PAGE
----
Wednesday, September 30, 2015

It Matters

 

One day after a high tide thousands of starfish were washed up on the shore. They started drying up in the sun. A boy, walking down the shore started throwing them back into the ocean, so they would live.

 A person came up to him and asked,  "Why are you doing this? Look around! There are thousands of starfish; the shore is covered with them. Your attempts won’t change anything, it doesn't matter!"

The boy picked up the starfish at his feet, thought for a moment, threw it into the sea and said, "It matters to THIS one!"

~~~~~~~~~~~~~~~~~~~~~~~~~~~~~~~~

Stay grounded, we can only do so much. There is a lot that we cannot do, but when you have the opportunity to help, do so, no matter how insignificant it may seem. It matters a lot more than some may think. A wave begins as a ripple.

Keep going,
~Craig


Sunday, September 27, 2015

First Listen

 

Once there was a team of very educated men who were doing aid work in Africa. They were helping an impoverished village develop agriculture for sustenance and financial development. They were sure that they had an answer that the native people must have never thought of.

The team of PhD's were so pleased with themselves that they were eager to get started. Immediately they mobilized volunteers to began tilling new fields and planting crops. They tended to the crops and within weeks their hard labor was rewarded with lush fruits and vegetables.

"Look how easy agriculture is!" The team beamed as they gloated to the local African natives.

Overnight, when the crops were ripe and ready to be picked hundreds of hippos came from the nearby river eating everything and trampling what was not eaten.

"My God, the hippos!" The team exclaimed!

The natives laughed and said, "Yes, that's why we have no agriculture here!"

"Why didn't you tell us?" The team asked.

"You never asked." The natives responded.

The moral of the story should be pretty obvious: Don't plant crops by rivers where hippos live... and if you really want to help someone, first listen to them.


Keep going,
~Craig

*Story paraphrased from Dr. Ernesto Sirolli's 2012 Ted Talk




Thursday, September 24, 2015

Palette or Toolbox?

 

I spent this past weekend out in New Jersey training, teaching and learning at the annual Buyu Camp East.  It's always a wonderful time filled with outstanding people from all over the world and of course great training. Among the many people who attended, this tale involves a gentleman by the name of Murray Taylor. Murray is a long time practitioner of Budo Taijutsu, former British Army Officer and Israeli Defense Force Soldier. He is a pleasure to know, so I enjoy the times that I get the chance to share his company.


Murray is the handsome gent w/the hat

We were having a brilliant discussion on that first evening after training, when the conversation inevitably came around to martial arts. Murray went on to describe how his teaching started and continues to evolve. One of the analogies that I really liked that he used involves a palette rather than toolbox.  

For decades I have used the toolbox analogy. I thought it rather clearly described what I was trying to communicate. What is the toolbox analogy you ask?! Well, in case you don't know what the heck I'm talking about; it goes something like this:

Each of us is a "mechanic" of sorts and posses a "toolbox" filled with "tools" or skills that are used to build or fix things that need to be worked on. It's an analogy that could be used for just about anything that requires one to have skill to perform.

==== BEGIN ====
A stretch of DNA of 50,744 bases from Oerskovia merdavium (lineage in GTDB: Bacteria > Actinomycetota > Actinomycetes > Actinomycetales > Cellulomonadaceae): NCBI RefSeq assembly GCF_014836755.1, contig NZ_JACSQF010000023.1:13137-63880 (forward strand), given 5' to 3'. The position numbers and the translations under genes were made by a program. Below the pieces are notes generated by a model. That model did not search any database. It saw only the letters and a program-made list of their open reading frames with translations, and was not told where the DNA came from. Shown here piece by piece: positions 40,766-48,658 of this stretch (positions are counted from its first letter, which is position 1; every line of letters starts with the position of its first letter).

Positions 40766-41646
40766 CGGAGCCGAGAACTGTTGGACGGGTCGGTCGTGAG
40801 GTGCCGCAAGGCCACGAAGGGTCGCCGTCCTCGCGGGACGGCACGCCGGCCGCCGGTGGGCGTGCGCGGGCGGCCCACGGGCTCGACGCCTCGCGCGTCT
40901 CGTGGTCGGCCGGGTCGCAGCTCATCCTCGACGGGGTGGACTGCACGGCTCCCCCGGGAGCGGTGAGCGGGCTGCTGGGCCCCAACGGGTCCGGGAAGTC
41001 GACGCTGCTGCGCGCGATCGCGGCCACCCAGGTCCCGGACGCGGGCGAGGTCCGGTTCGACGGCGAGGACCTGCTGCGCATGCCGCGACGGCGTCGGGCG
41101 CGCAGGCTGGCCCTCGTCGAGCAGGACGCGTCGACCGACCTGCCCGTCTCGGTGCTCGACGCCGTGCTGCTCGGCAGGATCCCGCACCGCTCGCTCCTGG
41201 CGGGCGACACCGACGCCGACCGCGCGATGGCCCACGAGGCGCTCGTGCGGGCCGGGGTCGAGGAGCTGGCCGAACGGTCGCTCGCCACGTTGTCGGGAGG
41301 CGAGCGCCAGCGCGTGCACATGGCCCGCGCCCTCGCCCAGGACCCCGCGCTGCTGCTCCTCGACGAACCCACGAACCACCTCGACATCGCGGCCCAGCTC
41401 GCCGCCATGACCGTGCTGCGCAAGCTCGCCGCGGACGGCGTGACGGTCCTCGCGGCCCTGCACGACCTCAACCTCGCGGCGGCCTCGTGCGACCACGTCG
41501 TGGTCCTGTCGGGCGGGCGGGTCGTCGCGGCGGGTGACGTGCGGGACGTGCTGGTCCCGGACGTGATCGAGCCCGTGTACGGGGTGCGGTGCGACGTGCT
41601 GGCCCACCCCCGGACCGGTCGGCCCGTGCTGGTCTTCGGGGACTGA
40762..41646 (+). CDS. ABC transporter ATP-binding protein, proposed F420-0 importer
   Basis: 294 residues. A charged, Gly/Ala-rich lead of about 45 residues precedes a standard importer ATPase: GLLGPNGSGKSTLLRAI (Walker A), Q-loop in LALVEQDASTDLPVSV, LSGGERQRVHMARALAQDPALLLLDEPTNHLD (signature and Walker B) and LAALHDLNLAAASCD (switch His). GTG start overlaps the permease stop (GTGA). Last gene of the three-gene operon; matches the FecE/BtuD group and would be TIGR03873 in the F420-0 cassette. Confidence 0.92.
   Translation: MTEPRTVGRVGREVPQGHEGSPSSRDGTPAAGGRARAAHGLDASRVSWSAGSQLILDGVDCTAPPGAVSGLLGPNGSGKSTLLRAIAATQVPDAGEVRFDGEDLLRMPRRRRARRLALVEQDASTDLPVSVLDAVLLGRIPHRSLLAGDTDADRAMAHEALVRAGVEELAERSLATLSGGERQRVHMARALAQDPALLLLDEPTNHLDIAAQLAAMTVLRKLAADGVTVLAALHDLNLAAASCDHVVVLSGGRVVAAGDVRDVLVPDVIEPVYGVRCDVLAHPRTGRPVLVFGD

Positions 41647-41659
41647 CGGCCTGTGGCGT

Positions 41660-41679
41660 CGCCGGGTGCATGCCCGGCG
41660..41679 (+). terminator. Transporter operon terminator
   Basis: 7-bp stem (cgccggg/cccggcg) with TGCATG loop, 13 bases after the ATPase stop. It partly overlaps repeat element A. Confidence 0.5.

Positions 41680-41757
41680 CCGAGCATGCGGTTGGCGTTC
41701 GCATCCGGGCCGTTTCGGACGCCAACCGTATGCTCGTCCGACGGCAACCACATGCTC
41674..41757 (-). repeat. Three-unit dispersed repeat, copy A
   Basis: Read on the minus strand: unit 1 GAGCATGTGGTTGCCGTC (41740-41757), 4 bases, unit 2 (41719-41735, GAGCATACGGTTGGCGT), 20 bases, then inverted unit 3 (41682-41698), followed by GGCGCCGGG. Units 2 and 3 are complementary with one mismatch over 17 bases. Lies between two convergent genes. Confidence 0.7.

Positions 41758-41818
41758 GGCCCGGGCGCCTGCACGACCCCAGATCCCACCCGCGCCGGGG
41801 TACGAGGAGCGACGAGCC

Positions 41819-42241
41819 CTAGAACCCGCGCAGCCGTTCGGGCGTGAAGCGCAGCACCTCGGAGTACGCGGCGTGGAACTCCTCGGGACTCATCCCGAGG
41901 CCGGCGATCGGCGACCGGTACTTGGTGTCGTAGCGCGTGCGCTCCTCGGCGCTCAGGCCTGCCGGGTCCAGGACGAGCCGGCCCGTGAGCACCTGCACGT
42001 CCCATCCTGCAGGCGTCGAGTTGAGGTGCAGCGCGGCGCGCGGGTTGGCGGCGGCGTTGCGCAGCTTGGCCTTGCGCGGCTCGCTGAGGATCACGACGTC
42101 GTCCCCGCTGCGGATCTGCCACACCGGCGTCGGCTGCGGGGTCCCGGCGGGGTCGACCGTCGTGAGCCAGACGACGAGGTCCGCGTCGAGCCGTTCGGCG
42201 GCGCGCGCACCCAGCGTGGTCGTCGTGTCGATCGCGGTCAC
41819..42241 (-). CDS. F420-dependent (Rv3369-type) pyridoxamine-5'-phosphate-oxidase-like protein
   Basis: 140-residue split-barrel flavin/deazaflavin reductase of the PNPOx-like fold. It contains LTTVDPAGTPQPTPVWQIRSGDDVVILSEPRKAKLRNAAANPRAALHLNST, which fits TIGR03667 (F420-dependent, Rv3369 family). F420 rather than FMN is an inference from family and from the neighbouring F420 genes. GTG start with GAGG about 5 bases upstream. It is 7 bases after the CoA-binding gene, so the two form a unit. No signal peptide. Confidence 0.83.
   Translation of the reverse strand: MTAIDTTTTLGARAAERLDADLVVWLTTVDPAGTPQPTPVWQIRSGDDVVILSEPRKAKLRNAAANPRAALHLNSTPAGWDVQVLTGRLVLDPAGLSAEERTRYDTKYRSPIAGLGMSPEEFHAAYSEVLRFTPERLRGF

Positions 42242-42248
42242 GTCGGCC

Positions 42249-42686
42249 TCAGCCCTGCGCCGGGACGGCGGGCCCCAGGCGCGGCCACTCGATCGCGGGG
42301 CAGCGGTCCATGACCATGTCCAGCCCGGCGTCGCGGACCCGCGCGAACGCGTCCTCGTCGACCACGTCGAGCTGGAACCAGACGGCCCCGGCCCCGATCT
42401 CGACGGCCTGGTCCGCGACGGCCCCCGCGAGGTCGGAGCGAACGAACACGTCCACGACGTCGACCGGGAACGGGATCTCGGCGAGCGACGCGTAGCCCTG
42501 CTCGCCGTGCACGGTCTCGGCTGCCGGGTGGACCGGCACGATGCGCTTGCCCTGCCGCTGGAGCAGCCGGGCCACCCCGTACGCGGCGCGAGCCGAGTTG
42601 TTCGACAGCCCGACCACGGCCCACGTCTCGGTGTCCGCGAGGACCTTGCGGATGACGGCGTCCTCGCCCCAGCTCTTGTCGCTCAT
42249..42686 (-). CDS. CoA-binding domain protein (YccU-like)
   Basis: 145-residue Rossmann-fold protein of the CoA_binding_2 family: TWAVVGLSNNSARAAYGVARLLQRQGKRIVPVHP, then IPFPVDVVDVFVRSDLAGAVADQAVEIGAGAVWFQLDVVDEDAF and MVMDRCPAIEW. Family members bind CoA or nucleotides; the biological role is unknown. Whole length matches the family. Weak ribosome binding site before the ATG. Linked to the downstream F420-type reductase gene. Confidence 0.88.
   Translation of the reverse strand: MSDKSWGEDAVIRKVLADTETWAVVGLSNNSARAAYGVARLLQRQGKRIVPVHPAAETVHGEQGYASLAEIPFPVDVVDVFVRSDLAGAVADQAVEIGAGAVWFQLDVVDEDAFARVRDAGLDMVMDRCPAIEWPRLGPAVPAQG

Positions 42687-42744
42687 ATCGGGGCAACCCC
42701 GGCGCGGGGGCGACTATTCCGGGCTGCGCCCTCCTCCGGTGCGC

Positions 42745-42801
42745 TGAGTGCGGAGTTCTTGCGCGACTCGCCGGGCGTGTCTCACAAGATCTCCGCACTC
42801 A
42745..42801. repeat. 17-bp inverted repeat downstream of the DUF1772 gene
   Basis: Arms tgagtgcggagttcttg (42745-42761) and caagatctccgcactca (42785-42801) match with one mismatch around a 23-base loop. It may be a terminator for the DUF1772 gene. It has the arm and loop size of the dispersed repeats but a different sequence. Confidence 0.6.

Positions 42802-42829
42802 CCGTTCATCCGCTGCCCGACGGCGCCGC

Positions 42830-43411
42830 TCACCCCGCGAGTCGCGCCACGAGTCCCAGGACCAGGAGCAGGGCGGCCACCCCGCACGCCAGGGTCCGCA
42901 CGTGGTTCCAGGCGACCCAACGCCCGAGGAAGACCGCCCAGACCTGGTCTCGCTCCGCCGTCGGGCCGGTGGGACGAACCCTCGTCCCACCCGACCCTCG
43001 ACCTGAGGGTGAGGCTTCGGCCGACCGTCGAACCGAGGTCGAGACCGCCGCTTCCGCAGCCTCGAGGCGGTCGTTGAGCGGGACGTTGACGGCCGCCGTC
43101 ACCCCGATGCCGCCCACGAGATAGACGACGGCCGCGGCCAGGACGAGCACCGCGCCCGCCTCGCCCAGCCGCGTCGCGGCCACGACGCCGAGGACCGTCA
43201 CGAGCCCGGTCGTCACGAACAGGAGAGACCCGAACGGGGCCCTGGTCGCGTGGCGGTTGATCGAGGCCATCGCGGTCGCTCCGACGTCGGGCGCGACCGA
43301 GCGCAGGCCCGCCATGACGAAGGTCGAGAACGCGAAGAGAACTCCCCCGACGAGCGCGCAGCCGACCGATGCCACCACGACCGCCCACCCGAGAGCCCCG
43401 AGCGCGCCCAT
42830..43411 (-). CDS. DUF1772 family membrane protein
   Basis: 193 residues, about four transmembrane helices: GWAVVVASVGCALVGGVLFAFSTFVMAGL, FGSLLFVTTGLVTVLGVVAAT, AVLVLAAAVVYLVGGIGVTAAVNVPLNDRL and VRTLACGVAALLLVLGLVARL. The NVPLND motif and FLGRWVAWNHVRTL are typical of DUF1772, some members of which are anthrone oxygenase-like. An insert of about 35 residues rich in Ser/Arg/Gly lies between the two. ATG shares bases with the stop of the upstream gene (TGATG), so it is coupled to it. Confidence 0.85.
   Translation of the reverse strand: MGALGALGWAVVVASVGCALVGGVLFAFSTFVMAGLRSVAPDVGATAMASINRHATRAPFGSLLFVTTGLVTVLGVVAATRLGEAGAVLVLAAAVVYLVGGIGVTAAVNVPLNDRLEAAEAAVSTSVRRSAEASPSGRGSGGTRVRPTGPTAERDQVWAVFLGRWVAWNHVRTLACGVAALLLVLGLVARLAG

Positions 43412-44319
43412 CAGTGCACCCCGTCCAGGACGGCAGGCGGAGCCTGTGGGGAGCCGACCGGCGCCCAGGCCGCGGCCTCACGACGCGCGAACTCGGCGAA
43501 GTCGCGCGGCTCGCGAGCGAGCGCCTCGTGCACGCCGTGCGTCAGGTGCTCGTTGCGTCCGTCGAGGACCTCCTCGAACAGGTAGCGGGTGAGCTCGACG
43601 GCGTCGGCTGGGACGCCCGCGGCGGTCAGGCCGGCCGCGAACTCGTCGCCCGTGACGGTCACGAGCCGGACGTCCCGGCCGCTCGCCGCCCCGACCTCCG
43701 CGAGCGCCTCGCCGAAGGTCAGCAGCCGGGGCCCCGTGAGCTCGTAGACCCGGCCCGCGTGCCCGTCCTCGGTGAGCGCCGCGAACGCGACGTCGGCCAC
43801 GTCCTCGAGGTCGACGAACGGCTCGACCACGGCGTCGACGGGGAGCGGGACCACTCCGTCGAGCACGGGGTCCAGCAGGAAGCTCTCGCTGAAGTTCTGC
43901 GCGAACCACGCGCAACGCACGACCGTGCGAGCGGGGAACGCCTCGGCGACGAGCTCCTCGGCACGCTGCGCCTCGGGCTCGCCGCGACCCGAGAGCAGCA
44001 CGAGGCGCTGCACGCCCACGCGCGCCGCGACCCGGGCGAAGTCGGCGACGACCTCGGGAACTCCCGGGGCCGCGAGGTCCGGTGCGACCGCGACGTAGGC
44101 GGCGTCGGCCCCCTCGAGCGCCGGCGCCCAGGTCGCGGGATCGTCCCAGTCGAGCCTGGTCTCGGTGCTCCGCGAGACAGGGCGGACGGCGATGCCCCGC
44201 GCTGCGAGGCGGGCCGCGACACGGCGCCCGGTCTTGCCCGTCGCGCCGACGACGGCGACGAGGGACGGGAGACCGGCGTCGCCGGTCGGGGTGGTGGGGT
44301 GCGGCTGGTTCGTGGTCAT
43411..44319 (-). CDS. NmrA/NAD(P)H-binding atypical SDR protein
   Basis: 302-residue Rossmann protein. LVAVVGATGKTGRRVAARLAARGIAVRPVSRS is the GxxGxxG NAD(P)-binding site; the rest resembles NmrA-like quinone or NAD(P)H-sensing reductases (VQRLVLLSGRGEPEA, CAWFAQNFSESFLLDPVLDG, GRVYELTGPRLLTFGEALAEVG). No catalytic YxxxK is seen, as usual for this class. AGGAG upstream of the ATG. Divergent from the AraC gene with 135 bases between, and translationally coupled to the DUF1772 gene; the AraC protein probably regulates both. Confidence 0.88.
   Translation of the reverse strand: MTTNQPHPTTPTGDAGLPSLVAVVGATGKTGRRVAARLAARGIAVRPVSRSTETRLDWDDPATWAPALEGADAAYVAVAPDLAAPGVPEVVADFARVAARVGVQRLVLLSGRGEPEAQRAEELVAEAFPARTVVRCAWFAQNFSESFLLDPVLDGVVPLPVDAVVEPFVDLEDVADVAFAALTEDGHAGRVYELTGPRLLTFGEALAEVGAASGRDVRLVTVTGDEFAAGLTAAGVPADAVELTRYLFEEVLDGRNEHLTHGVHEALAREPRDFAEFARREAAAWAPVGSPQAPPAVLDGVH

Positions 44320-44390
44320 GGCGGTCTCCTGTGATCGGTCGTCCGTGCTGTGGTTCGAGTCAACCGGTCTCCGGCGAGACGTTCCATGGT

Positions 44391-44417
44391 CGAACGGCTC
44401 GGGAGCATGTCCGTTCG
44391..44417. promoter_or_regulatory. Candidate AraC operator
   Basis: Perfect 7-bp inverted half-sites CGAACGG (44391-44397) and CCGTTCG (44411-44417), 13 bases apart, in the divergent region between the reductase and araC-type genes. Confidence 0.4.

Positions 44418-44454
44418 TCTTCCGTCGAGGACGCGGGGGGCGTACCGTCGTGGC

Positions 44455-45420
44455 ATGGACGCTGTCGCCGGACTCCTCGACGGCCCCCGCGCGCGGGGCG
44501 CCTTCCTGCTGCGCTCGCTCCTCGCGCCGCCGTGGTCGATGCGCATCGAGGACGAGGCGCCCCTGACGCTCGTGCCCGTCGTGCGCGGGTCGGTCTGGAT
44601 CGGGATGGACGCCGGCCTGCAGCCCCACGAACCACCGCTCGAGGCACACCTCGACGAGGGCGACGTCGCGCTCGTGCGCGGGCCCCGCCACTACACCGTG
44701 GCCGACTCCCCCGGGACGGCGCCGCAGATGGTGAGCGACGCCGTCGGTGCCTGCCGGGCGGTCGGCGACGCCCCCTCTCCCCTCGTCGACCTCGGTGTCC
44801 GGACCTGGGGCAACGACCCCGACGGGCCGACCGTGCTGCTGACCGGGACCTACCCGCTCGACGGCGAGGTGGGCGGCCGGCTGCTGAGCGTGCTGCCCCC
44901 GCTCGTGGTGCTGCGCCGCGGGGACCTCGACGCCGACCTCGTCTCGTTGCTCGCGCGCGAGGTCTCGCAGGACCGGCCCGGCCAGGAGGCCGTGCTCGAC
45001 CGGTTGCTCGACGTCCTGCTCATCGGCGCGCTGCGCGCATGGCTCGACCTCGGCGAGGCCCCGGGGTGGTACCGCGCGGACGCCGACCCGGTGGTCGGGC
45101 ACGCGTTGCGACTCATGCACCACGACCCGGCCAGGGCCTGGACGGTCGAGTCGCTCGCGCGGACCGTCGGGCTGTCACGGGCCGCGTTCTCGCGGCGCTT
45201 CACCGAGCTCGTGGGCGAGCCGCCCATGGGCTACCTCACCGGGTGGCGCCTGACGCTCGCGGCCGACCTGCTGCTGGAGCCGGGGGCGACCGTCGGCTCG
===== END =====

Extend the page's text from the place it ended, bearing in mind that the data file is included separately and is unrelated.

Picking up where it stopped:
We often hear someone say, "Here's just another tool in your toolbox." Meaning that what they are teaching is another skill, tactic or technique that may be beneficial for you to use during a situation 
in which it would be appropriate.

I have often expanded this analogy a bit by using the example that I have friends that are great mechanics who can use duct tape, chicken wire and a butter knife to fix about anything and others who have a $50k SnapOn toolbox and couldn't change a flat tire.

Hopefully you get the idea.

Well, Murray's palette analogy is similar but more... colorful =):

Each of us are artists w/perspective, palette, paint, brush and canvas. When we choose to create a picture, we use our artistic ability, paint and palette to mix our colors together in just the right way and then with each stroke of the brush, we begin to orchestrate a picture on the canvas. Some paintings are remarkably realistic, others come from the depths of imagination. Some artists are talented, where others are primal. Some simply communicate in the most basic way, others are so beautifully expressive that their art becomes cherished for generations. Some paintings are down right ugly to most, save one... the artist mother. And a few special pieces are works of art that are looked upon as examples of civilization itself.

Because each artist has a different perception, skill level and materials, each painting is uniquely different. Murray went on to say that if you asked five different artists to paint the exact same thing, you would get five different paintings. Each artists' interpretation of what they were painting would be different. Some subtly, others substantially.

I thought that was a great way of describing it.

So, the next time you are learning or teaching something, think of Murray's palette analogy!

As always...

Keep Going!
~Craig





 

Wednesday, September 16, 2015

9/11 Tribute & Training

 
Artie Mark is the handsome guy hoisted up above the group, smiling as usual!


The New Jersey beach was silent as I warmed up with the the Camden County police officers in preparation for Lt. Col. (Ret) Joe “Marine’s” infamous partner combat conditioning course. The day was September, 11th  2015, the anniversary of a dark day. A day that most professional protectors are especially respectful of. A day that we hope is never repeated.